Developing the secret number games and cryptic codes used by Hildegard von Bingen (1098-1179), Guillaume Dufay (circa 1400-1474), Jacob Obrecht (ca. 1451-1505), and others, composers in our century had access to a far greater range of mathematical inquiry on which to base their work. Debussy's La Mer (5) illustrates the Golden Mean through the Fibonacci numbers, as did Hildegard and many Renaissance composers. More recently, we have applications of Brownian motion by Xenakis in Mikka, complex time relationships in Nancarrow's Studies for Player Piano (51), and explorations of chaos theory by hundreds of composers, both classical and jazz.

A number of Japanese composers, some trained in science or mathematics, have applied higher mathematics to composition, including Akira Tamba (Complexe Simple), Yori-Aki Matsudaira (Allotropy for Pianist), Shigeaki Saegusa (Baire's Theorem), and a composer who studied with Xenakis, Yuji Takahashi (Six Stoicheia). But Xenakis is the one who has achieved the greatest success in commanding higher mathematics and applying it musically (56, 81, 85). Barlow, Celona, Korde, Mazzola, and many others have done fine work in this area, but remain virtually unknown.

Twelve-tone music, stochastic music, and chaos theory all use or imply varying degrees of mathematical randomness. John Cage's use of chance came from a more intuitive stance rather than mathematical rigor, and for me takes second place to his conceptual work in the areas of timbre (44), calmness (48, 53), and expanding one's definition of music itself (54). Ideas of how to widen one's view of music are sometimes easy to grasp intellectually, but it often takes some catalyst or popularizer to internalize them. In addition to Cage, the work of Jani Christou (70) and Toshio Hosokawa (96) have done this for me.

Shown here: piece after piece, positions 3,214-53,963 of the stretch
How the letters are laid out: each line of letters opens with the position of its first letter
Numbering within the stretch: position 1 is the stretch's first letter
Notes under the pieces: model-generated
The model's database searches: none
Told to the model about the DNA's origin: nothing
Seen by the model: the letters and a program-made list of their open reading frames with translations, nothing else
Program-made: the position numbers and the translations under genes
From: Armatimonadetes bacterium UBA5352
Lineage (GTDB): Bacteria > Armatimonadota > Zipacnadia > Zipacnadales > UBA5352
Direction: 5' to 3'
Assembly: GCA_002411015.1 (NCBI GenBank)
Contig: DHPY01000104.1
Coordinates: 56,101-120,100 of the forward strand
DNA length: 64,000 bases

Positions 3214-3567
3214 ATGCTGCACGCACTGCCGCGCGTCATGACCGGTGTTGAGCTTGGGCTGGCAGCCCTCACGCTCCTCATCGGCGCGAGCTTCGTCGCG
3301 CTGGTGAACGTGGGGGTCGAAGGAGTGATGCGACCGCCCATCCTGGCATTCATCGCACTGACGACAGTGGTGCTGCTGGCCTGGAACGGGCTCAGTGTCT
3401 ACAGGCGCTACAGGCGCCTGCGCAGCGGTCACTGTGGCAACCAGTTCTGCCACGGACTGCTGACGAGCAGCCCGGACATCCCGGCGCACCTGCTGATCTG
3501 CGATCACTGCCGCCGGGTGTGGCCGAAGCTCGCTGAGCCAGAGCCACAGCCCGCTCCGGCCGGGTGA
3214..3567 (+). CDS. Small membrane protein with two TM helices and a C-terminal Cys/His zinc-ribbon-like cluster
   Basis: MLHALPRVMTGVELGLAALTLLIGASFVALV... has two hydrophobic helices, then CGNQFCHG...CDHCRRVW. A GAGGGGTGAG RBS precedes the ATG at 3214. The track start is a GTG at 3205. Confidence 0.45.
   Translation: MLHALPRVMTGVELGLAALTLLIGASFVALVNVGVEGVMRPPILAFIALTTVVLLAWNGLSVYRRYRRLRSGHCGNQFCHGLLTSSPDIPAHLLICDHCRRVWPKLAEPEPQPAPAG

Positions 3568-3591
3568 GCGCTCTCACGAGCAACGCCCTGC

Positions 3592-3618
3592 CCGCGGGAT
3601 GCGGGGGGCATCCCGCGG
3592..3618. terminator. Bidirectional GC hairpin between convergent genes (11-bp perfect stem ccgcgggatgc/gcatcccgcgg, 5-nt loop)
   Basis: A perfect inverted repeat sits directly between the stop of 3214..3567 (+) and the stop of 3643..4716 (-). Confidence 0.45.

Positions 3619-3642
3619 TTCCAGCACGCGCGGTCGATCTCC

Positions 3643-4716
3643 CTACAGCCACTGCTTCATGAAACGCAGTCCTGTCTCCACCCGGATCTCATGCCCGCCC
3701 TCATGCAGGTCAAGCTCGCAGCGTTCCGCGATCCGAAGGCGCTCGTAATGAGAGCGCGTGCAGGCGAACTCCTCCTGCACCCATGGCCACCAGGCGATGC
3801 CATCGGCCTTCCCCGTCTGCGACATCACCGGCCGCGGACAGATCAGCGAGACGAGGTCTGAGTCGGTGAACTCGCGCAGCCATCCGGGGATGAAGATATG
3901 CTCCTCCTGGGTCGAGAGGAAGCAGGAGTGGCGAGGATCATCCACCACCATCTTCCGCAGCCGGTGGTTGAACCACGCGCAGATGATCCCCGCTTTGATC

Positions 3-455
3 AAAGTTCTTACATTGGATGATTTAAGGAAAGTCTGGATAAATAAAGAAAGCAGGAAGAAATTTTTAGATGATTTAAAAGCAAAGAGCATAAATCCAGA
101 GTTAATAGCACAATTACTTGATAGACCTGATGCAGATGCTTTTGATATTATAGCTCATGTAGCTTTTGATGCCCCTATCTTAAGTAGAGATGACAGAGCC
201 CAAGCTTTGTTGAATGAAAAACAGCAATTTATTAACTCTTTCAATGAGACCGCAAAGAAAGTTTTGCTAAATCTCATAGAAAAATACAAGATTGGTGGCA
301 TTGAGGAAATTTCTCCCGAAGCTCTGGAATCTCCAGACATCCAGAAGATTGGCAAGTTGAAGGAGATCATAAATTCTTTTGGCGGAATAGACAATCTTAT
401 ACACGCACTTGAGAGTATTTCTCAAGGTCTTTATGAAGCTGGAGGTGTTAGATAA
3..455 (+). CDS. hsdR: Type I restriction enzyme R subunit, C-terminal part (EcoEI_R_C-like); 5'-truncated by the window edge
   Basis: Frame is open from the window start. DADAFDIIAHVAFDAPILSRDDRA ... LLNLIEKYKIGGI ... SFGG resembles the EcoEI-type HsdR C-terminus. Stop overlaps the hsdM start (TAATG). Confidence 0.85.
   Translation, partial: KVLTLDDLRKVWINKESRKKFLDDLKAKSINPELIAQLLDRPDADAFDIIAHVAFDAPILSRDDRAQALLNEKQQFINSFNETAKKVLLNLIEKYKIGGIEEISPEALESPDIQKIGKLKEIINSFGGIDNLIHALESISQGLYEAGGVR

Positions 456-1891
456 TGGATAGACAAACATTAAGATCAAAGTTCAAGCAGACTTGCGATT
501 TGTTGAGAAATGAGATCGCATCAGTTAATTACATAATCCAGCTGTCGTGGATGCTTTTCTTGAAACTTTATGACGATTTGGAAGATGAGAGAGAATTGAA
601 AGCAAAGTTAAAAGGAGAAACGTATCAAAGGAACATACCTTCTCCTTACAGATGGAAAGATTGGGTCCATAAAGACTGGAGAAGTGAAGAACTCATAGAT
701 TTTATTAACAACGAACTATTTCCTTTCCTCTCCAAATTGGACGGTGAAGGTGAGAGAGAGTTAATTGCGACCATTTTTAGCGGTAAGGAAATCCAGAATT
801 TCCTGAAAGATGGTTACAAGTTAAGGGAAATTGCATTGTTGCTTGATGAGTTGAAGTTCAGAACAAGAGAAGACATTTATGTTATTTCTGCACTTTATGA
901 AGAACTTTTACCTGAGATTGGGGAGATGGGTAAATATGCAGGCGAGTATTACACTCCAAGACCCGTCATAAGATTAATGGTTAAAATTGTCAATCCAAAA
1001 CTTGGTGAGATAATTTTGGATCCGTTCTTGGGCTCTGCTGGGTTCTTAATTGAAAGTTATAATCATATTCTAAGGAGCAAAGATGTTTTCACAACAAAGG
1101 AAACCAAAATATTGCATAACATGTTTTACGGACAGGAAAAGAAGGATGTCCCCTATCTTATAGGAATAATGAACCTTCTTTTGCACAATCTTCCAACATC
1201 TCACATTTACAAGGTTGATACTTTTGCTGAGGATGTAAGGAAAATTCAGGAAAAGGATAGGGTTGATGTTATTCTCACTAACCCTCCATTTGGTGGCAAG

Popularization and accessibility, despite their negative commercial aspects, remain some of the benefits of the New Age movement. For example, when I searched everywhere for the UNESCO recording of Japanese Buddhist chant, the only store in New York that carried it was one of the New Age bookstores. Philosophies and religions have become more widely available this century than at any other time in history, and composers have participated in this expansion. We have works with clear references to particular spiritual traditions (1, 2, 31, 32, 33, 43, 49, 81, 82, 94) as well as "secular-sacred" works that either mix several viewpoints or concern a general type of spirituality (6, 16, 24, 36, 37, 50, 74, 92). Twentieth-century music could be seen as a return to the primacy of the spirit, after its secondary status during the common-practice period.

A number of important twentieth-century ideas are interrelated. Thus, the sustained sounds in Ives' Central Park in the Dark (7; "silent darkness"--Ives), The Unanswered Question ("The Silences of the Druids"), and the slow movement of his fourth symphony, relate to timbre developments (10, 80, 94), layering (14, 51), calmness (34, 48, 53, 83, 87), spirituality, new ideas about silence and what constitutes music (54), focus on a single parameter, and eventually pieces based on a single note (58, 77, 79, 88, 98).